But after putting the Students under pressure during the second term, the Wolves were unable to continue that trend of play when the premiership quarter came around. Instead, the Students consolidated their position with five unanswered goals. Despite also continuing to miss several shots that they would normally have been expecting to kick, the Students pulled away to lead by 36 points at the last change.
The final winning margin for Sydney Uni would be 40 points after each side would kick three goals in the final term. The Students hadn’t looked particularly convincing, in the main due to their wayward conversion on the forward line. But it was enough for a comfortable enough win to maintain their place at the top of the ladder.
Luke Vella, Kane Murphy and Mitchell Mahady were ball magnets for the Students, as they maintained their spot on the top of the ladder, a game clear of UNSW-ES. They probably should have won by a bigger margin, but even with so many chances being squandered their chances of winning the match were never seriously under threat.
Wills Brassil, Lachlan Kilpatrick and Anthony Robertson were best for Manly. But the loss sees the Wolves fall two games plus plenty of percentage out of the top five; and if the Wolves are to hold hope of competing in this year’ finals they will need to string a winning streak together before too long.

Uni NSW-Eastern Suburbs 4.5 8.6 17.10 26.13 (169)
Western Suburbs 1.5 2.5 4.8 4.9 (33)
Goals : UNSW-ES –
S Pollock 6, J Cann 5, M Thompson 3, L Irvine 2, K Reynolds-Erler 2, J Deep 2, S Wilson, M Lower, J Daniher, J McLean, B Pattison, J Wachman. Wests – R Haupt 2, B Mumme, J Nieser.
Best : UNSW-ES – J Cann, L Irvine, J Bartholomaeus, M Lower, J Daniher, J Deep. Wests – R Haupt, P Maxwell, Y Milligan-Saville, C McEvoy-Gray, D O’Connell, L Davis.
At Picken Oval, Saturday 1st July 2017.

North Shore 4.3 10.4 13.6 16.9 (105)
University of Technology 2.4 4.6 7.11 9.13 (67)
Goals : North Shore –
A McConnell 3, H Carr 3, W Blackburne 2, M Wilson 2, J Loneragan, W Taylor, D Fitzgerald, E Strudwick, K Devlin, M Manteit. UTS – T McKenzie 3, F Cator 2, P Brennan 2, E Thwaites, W Thompson.
Best : North Shore – J Cubis, A McConnell, C Murphy, E Strudwick, M Wilson, D Fitzgerald. UTS – L O’Keefe, S Jansen, B Browne, H Callahan, J Macklin, T McKenzie.
At Trumper Park, Saturday 1st July 2017.

East Coast Eagles 2.3 6.6 9.9 12.10 (82)
Pennant Hills 2.0 3.2 6.6 6.9 (45)
Goals : East Coast –
M Weekes 3, Jamie Vlatko 2, L Gemmill, D Spiteri, Jon Vlatko, J Taylor, A Savage, S Turner. Pennant Hills – T Moraitis 2, L Skrivanic, D Dell’Aquila, N Hey, M Preen.
Best : East Coast – Jamie Vlatko, K Emery, P Vlatko, S Turner, A Savage, A Browning. Pennant Hills – J Boag, L Skrivanic, D Witt, T Angel, T Edmonds, T Wales.
At Kanebridge Oval, Saturday 1st July 2017.

Sydney University 1.4 3.12 8.17 11.22 (88)
Manly-Warringah 0.2 4.3 4.5 7.6 (48)
Goals : Sydney Uni –
H Morrison 3, M Krochmal 2, A Clarke 2, J Stapleton, D Johnson, S Krochmal, L Vella. Manly – H Washington 3, M Rogers, L Behagg, L Brain, R Wearne.
Best : Sydney Uni – L Vella, K Murphy, M Mahady, S Clark, M Krochmal, S Krochmal. Manly – W Brassil, L Kilpatrick, A Robertson, T Armitage, C Johnston, H Washington.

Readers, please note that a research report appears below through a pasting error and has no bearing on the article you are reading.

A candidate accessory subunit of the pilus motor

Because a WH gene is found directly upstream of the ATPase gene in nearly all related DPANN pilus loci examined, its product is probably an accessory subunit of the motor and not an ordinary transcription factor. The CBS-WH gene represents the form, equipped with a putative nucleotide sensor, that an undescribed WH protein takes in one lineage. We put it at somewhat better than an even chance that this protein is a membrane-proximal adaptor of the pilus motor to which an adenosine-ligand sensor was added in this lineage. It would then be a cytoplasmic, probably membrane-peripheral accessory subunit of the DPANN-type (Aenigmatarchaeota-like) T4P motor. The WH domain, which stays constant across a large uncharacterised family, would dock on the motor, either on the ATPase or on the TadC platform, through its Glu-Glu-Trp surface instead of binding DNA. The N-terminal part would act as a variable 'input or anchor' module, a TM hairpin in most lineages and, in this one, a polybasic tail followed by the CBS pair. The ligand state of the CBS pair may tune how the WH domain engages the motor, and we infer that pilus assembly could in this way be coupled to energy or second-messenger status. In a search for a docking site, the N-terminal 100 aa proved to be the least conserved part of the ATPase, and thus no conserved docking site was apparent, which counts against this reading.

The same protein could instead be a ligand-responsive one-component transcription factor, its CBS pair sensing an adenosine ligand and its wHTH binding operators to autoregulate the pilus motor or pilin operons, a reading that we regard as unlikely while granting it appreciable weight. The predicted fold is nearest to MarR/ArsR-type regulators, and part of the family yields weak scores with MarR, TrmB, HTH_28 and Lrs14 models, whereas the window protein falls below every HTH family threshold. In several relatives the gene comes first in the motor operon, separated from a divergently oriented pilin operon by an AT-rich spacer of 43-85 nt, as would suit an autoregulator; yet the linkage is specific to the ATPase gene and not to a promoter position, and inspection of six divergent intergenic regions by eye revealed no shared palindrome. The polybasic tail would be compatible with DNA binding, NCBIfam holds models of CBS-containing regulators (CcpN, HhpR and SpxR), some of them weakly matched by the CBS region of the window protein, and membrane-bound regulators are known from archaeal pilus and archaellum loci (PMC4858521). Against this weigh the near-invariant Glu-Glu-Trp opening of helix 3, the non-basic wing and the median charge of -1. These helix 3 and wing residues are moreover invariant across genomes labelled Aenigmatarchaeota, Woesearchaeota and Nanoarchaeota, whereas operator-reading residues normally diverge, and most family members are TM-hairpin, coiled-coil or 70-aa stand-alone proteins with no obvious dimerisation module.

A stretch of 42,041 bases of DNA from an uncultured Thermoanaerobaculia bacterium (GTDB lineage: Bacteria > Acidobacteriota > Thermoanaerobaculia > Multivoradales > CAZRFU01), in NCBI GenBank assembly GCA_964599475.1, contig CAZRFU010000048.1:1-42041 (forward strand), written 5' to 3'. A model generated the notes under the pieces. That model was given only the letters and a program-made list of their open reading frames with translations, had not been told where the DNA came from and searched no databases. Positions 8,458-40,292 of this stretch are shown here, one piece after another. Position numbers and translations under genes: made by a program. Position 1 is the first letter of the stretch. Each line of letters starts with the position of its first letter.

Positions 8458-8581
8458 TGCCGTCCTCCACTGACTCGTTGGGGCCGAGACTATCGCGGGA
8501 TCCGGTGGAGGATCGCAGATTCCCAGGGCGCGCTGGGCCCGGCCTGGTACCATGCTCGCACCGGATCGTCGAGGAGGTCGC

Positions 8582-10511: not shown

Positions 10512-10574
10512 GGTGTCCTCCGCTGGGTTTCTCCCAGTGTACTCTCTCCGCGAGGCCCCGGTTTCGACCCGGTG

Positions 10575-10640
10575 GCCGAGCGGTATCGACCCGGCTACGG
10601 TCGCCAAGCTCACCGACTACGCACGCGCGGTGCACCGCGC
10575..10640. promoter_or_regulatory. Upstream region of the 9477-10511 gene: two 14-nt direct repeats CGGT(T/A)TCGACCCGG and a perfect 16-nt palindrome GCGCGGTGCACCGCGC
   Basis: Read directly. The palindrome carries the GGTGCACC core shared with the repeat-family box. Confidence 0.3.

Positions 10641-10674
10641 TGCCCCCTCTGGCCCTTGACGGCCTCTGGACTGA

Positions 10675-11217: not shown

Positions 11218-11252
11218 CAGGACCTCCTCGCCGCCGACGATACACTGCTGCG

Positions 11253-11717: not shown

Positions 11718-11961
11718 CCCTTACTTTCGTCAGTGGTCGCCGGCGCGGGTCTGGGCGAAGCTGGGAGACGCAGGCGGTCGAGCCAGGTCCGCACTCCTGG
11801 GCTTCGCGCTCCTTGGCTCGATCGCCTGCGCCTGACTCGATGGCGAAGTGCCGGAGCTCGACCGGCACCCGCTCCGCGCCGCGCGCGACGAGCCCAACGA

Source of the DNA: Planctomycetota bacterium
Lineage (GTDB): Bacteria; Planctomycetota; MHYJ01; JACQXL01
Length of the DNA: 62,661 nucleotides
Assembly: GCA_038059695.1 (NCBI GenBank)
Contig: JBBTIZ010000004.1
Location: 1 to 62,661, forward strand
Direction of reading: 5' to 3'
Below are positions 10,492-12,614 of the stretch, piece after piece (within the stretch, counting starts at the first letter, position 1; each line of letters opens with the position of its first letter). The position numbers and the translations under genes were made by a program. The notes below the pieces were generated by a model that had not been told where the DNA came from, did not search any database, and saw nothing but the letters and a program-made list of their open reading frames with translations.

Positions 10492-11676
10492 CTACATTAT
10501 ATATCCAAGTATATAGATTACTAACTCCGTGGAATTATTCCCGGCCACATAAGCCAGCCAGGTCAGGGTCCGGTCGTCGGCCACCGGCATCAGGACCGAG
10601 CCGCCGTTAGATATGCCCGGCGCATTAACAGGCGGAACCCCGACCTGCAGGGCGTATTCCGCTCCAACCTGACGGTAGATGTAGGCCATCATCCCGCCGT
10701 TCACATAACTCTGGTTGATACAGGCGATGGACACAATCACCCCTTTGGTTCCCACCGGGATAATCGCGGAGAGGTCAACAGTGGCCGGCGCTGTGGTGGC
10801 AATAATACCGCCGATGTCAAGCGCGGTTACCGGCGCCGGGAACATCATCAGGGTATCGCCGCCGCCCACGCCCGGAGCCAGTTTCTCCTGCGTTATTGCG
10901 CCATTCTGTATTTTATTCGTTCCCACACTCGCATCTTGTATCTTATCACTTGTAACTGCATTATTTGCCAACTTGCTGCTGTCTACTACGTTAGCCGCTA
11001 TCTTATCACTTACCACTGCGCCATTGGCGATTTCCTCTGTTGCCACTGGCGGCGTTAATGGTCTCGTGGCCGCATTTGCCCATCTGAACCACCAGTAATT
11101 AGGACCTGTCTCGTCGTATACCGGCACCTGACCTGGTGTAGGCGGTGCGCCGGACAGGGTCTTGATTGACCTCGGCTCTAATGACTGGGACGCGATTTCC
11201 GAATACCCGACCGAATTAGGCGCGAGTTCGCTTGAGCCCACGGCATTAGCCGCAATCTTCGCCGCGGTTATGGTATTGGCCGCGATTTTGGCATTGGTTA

At Weldon Oval, Saturday 1st July 2017.

Sydney Uni
St George
North Shore
East Coast
Pennant Hills
Black - Confirmed finallists
Green - Currently in a finals position, but not yet guaranteed a place in the finals
Blue - Not currently in a finals position, but still a chance to qualify
Purple - Will not be competing in the finals
Red - Wooden spoon, probable relegation

Division One:
UTS v Macquarie Uni – result not available
Sydney Uni 12.10 (82) d Southern Power 0.7 (7)
St George 13.5 (83) d Holroyd-Parramatta 7.7 (49)
Pennant Hills 10.13 (73) d Balmain 3.2 (20)
Camden 13.6 (84) d Western Magic 10.11 (71)
Ladder – St George (44, 174.78%), Pennant Hills (36, 147.05%), Sydney Uni (36, 138.28%), Camden (28, 105.22%), UTS (28, 98.46%), Western Magic (24, 150.59%), Macquarie Uni (20, 79.37%), Southern Power (8, 64.44%), Holroyd-Parramatta (8, 59.79%), Balmain (4, 58.27%).

Division Two:
Pennant Hills 9.8 (62) d East Coast 8.10 (58)
North Shore 16.9 (105) d UTS 5.7 (37)
Manly 15.12 (102) d Sydney Uni 7.5 (47)
Randwick City 20.10 (130) d South-West Sydney 6.4 (40)
UNSW-ES 9.5 (59) d Penrith 8.10 (58)
Wollondilly 9.5 (59) d Western Suburbs 7.6 (48)
Ladder – North Shore (44, 336.07%), UNSW-ES (44, 225.65%), Penrith (36, 194.12%), Wests (32, 147.09%), Pennant Hills (28, 112.29%), East Coast (20, 82.34%), Manly (20, 76.17%), Wollondilly (16, 65.70%), UTS (12, 79.07%), Randwick City (10, 45.23%), South-West Sydney (10, 42.23%), Sydney Uni (8, 71.85%).

Division Three:
North Shore 18.17 (125) d Penrith 4.8 (32)
Macquarie Uni 20.10 (130) d Holroyd-Parramatta 7.3 (45)
Camden 22.16 (148) d Balmain 2.2 (14)
NorWest 10.7 (67) d Campbelltown 10.6 (66)
Ladder – Camden (48, 296.67%), North Shore (40, 305.91%), NorWest (36, 164.79%), Macquarie Uni (32, 189.38%), Campbelltown (16, 88.51%), Balmain (8, 37.46%), Holroyd-Parramatta (4, 36.50%), Penrith (4, 31.35%).

Division Four:
Pennant Hills 5.8 (38) d East Coast 4.7 (31)
UNSW-ES 12.10 (82) d UTS 9.8 (62)
St George 8.13 (61) d Western Magic 8.8 (56)
Sydney Uni 5.9 (39) d Southern Power 4.12 (36)
Manly d South-West Sydney - forfeit
Ladder – St George (44, 373.11%), Western Magic (36, 199.42%), Sydney Uni (28, 182.79%), UTS (28, 132.13%), Pennant Hills (28, 95.83%), UNSW-ES (24, 133.86%), Southern Power (16, 92.88%), Manly (8, 40.82%), East Coast (4, 30.19%), South-West Sydney (4, 22.62%).